I guess that not being afraid of let go is really important. And letting go is a luxury I think I've been depriving myself of for too long. I hold on to too many feelings and emotions, surrounding myself and others. But I think I'm afraid of letting go of people too. I know that there are a few people that are still in my life that sometimes cause me a lot of unnecessary heartache. So why have I not walked away? I don't know. Because I have not yet mastered the art of just needing myself. I have convinced myself that I need this other person and maybe in some aspects I do. I know that I like having them around, and that I would miss them if they were gone. I don't know. Thinking too hard about letting go really hurts my head. Because what is the criteria for letting go? I think, although it is complicated, it is a good idea to let go of things that hurt. That do not help a person grow positively. I am having to learn, with the help of friends and family, that change is as good as the rest.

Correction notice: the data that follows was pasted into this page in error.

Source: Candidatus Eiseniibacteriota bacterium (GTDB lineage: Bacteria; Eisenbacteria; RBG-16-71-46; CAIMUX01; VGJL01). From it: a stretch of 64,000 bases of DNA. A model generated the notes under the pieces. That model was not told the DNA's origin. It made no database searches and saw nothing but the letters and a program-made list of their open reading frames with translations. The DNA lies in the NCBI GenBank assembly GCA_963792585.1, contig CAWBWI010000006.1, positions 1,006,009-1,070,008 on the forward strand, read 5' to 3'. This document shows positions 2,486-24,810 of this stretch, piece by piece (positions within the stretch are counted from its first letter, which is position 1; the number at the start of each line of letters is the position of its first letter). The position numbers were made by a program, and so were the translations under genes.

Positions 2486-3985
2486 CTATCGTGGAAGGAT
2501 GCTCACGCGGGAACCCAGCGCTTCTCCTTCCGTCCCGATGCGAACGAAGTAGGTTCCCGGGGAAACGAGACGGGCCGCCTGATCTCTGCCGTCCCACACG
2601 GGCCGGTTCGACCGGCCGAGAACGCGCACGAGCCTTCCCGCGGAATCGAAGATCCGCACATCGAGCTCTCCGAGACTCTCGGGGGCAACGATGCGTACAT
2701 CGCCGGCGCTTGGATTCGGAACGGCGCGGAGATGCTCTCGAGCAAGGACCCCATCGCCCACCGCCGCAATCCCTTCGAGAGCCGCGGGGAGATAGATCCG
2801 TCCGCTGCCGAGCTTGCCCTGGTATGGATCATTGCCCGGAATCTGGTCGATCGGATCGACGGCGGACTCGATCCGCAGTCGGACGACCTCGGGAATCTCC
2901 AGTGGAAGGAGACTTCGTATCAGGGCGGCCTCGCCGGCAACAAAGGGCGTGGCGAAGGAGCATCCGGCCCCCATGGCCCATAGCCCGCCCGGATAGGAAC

Long story short, what I am trying to say is make decisions surrounding you. Reach out to people if you think you need help. Reaching out, and wanting to be heard is not an act of cowardice. You are so brave for reaching out, or for not reaching out. You are brave for dealing with any form of mental health condition, I think. But at the same time its important to remember that it is okay to rely on people. And remember the small things like taking time out for yourself. It's important to remember the importance of things like chocolate, cookies and food. Sometimes, I think that even admitting you are not okay is an act of self love.
And god, please remember to be kind to others. Listen to them. Pay people compliments! I don't understand why compliments aren't given more. Be sensitive, is the last thing I want to say. Sometimes people are struggling more than they care to admit, and more than they are willing to show. Be mindful and be kind.
Okay, I'm going to end on probably the worst piece of advice. It gets better, no matter what. My favourite author shared a post on facebook this week about preferring 'I am here', over 'I was here' and I couldn't agree more. You're not alone.
I hope that you all sleep well and appreciate this post (I have been writing this thing for a whole week due to working). See you soon guys!